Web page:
Ireland cemented its position as the poster boy for bailed-out eurozone
strugglers today as ratings agency Standard & Poor's took a brighter view on the
fallen Celtic tiger's prospects.
The agency has upgraded its outlook on credit rating _ currently BBB-plus _ from positive to stable, saying its debt may fall faster than expected. The move implies a one in three chance of an upgrade as Ireland nears an exit from its EU/IMF bailout nearly three years after being forced to seek an euro 85 billion (pounds sterling 73.4 billion) rescue.
Ireland has fared much better than bailed-out Portugal and Greece as it gets to grips with public spending, and low corporation tax rates make Dublin an attractive home for international businesses. S&P predicts Ireland's national debt will fall from 122 percent of GDP in 2013 to 112 percent by 2016. "The outlook revision reflects our view that Ireland's general government debt burden is likely to decline more rapidly, as a percentage of GDP, than we had previously expected," it said.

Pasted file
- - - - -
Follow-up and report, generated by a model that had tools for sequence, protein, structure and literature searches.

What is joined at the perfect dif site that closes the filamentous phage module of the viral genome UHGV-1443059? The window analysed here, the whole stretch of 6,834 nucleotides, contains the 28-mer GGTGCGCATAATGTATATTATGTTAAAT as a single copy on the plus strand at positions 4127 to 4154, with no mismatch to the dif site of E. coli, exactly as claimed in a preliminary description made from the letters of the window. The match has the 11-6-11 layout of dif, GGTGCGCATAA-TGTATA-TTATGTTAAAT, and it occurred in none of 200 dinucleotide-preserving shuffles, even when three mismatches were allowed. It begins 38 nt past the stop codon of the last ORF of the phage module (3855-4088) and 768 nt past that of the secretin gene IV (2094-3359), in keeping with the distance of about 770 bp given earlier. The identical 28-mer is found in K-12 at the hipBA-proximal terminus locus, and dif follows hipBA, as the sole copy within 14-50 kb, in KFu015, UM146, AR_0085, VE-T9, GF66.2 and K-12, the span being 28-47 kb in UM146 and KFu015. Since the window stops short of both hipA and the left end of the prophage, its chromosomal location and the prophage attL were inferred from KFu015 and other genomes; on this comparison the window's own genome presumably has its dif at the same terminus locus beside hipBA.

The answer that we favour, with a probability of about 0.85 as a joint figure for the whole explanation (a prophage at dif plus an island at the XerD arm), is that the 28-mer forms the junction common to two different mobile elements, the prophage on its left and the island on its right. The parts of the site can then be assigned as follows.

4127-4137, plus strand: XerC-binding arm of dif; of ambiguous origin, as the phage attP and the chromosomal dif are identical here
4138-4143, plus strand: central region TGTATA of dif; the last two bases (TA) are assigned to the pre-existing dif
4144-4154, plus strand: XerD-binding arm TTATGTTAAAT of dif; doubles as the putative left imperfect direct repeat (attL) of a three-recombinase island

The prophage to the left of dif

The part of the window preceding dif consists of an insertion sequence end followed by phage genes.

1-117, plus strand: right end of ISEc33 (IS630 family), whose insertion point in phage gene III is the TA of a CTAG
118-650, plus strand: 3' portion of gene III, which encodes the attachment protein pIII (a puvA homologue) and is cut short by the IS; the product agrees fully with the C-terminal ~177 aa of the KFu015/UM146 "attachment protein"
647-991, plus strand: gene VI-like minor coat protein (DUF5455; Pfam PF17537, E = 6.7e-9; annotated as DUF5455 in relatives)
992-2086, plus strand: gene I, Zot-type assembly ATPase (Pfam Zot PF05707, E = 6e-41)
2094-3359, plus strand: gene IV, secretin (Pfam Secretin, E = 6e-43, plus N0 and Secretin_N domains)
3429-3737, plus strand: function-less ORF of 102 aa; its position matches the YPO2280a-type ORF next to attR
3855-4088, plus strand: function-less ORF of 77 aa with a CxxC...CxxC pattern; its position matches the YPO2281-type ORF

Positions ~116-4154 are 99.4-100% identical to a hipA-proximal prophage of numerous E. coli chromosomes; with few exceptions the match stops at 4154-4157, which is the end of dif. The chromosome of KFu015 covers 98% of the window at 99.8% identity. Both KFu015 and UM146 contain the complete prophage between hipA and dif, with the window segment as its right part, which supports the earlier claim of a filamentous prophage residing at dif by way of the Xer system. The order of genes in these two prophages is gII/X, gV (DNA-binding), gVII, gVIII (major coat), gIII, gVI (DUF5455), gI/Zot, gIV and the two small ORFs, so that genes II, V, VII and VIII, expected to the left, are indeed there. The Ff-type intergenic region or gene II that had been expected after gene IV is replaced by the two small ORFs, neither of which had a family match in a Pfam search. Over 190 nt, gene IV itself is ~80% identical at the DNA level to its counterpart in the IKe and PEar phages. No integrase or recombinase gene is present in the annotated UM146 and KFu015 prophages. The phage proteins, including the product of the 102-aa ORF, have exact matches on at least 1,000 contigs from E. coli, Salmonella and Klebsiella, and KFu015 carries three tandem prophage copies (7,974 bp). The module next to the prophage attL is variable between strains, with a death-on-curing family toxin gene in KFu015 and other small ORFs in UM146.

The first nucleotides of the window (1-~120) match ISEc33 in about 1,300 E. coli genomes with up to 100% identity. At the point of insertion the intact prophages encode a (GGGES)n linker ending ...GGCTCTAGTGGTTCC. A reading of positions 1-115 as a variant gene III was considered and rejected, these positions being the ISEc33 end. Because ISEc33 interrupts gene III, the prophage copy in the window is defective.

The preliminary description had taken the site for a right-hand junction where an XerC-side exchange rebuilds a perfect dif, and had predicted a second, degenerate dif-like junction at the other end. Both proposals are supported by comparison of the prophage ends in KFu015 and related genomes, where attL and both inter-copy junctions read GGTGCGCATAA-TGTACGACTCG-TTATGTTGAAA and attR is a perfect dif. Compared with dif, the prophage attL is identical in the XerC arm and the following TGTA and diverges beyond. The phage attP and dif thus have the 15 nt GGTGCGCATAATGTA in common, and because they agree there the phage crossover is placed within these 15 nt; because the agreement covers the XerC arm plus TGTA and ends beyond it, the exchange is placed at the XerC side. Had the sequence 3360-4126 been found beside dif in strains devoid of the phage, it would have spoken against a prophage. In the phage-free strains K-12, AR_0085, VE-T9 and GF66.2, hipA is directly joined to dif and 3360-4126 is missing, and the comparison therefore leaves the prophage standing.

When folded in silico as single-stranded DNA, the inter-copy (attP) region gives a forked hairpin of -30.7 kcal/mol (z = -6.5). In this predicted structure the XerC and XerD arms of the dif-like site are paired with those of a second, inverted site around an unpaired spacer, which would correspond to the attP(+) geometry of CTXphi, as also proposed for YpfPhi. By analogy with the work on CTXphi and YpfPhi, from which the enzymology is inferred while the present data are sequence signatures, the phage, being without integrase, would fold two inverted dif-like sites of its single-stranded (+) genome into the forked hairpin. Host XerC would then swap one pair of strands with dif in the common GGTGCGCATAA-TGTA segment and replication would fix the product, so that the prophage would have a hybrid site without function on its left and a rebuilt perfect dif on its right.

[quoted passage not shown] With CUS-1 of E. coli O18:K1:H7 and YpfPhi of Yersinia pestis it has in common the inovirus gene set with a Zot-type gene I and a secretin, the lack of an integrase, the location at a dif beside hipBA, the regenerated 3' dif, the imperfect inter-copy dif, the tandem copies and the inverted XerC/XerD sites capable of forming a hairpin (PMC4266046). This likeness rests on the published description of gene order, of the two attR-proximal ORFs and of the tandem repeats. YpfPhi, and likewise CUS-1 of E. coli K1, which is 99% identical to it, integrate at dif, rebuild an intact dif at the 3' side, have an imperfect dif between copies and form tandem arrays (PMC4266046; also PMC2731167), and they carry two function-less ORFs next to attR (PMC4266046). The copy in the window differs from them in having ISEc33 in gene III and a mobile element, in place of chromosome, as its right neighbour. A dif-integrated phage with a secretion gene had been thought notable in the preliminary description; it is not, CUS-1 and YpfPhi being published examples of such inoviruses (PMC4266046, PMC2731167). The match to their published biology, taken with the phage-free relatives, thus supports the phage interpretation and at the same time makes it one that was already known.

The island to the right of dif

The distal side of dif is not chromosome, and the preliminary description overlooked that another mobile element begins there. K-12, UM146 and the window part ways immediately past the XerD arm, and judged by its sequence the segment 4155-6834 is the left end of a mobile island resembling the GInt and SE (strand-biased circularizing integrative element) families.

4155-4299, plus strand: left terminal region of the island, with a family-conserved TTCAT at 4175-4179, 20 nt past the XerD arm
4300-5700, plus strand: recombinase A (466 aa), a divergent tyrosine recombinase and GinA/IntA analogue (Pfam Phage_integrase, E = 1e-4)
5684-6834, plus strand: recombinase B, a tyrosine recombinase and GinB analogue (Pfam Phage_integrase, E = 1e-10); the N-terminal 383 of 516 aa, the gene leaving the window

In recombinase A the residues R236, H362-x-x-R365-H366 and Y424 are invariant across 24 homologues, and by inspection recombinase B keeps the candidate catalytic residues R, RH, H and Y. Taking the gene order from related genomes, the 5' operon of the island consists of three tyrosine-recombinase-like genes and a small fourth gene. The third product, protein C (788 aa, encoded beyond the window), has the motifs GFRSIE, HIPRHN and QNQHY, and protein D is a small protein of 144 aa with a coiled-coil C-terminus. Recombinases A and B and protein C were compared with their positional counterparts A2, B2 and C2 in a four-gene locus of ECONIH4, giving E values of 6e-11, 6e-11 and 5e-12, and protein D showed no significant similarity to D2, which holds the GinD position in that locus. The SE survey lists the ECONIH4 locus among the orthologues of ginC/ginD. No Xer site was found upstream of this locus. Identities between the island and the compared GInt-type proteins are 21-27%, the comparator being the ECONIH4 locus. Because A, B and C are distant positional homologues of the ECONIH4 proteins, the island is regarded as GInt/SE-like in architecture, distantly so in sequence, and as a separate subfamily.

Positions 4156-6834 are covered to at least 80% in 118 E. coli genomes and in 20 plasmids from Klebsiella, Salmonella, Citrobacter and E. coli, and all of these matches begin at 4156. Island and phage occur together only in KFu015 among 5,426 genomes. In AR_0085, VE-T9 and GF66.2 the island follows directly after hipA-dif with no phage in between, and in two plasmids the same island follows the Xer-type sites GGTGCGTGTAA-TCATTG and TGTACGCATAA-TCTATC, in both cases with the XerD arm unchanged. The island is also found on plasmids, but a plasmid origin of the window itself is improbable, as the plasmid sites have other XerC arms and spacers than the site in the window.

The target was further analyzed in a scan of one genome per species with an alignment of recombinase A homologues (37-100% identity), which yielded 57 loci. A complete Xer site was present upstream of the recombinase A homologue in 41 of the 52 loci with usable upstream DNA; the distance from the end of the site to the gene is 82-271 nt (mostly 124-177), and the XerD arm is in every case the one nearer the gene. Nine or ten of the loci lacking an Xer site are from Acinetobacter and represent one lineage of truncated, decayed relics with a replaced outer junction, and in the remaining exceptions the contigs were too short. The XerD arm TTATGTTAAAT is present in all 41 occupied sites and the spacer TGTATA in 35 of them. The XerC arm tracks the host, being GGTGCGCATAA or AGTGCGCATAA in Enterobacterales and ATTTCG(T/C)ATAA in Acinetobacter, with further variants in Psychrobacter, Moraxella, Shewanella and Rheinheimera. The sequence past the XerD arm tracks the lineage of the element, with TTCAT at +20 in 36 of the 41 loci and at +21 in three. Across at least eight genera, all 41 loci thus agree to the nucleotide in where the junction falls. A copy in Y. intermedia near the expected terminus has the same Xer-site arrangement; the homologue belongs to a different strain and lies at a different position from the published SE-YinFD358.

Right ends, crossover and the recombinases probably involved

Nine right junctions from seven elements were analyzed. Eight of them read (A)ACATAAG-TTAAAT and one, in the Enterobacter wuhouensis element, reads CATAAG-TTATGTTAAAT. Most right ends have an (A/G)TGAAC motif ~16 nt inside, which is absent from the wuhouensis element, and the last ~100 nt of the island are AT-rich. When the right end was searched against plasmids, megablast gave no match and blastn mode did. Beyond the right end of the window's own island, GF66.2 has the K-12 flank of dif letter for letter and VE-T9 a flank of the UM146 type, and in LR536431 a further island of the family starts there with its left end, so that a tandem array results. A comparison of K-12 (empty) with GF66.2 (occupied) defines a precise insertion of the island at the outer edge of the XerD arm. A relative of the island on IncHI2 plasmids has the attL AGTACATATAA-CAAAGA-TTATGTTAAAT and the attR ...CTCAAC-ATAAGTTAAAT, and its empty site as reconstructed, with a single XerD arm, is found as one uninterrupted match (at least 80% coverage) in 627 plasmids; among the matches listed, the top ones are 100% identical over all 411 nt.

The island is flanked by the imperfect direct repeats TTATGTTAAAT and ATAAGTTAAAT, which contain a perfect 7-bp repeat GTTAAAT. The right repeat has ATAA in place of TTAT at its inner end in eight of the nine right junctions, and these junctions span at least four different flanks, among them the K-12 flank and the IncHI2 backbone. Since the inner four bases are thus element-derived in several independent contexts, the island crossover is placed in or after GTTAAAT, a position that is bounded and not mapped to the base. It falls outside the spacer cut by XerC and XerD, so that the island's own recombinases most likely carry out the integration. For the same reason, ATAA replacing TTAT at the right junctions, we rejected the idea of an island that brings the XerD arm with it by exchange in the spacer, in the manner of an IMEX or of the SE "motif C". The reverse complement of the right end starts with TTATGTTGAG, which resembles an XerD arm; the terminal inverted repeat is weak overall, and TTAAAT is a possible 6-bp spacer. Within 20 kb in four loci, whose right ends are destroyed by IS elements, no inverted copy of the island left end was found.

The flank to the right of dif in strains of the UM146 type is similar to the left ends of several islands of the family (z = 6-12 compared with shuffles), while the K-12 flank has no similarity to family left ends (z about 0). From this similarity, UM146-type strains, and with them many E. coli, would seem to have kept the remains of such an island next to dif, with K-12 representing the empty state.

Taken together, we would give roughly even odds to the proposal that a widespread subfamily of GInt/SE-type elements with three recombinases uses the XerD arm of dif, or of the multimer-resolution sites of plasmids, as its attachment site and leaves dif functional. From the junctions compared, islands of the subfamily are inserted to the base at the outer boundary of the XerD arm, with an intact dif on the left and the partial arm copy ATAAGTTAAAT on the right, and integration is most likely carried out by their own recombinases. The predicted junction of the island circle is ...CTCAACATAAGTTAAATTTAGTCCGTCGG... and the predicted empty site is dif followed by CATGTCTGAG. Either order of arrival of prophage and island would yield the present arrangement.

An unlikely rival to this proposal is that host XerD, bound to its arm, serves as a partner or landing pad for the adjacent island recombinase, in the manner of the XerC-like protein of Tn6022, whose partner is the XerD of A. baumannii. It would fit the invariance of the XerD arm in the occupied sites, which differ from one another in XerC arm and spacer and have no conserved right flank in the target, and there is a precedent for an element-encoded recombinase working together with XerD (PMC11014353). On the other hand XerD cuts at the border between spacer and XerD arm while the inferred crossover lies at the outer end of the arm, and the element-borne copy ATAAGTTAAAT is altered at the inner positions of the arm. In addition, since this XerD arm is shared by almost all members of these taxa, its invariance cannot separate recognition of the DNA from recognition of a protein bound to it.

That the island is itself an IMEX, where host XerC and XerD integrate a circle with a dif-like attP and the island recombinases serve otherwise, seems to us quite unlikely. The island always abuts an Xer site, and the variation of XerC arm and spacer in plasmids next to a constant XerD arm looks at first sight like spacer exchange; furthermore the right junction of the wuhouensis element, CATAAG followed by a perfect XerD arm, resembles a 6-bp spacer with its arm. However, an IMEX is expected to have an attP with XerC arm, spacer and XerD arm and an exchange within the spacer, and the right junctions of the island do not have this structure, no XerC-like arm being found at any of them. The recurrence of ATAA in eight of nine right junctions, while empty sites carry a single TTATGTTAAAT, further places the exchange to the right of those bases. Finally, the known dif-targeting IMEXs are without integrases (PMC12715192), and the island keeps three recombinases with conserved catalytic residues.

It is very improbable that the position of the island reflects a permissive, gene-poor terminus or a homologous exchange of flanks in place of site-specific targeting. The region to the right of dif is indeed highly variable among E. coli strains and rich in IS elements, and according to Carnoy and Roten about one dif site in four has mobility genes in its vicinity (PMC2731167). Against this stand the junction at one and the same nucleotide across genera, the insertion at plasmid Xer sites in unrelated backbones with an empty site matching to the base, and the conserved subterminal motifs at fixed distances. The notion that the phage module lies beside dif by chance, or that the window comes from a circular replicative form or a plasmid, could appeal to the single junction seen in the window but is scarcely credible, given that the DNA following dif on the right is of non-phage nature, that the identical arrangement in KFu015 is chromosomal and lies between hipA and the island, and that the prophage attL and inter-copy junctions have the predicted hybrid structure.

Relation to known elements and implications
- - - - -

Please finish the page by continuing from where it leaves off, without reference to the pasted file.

The agency sees the potential for Ireland to grow by 2 percent a year. It praised the "strong consensus" among politicians for fiscal consolidation and reform, while unemployment is falling and house prices stabilising.
The picture contrasts with Portugal, which faces more disarray after its president rejected plans to heal a government rift and called for early elections next year. Greece is in its sixth straight year of recession.
(c)2013 London Evening Standard
Visit the London Evening Standard at www.standard.co.uk
Distributed by MCT Information Services
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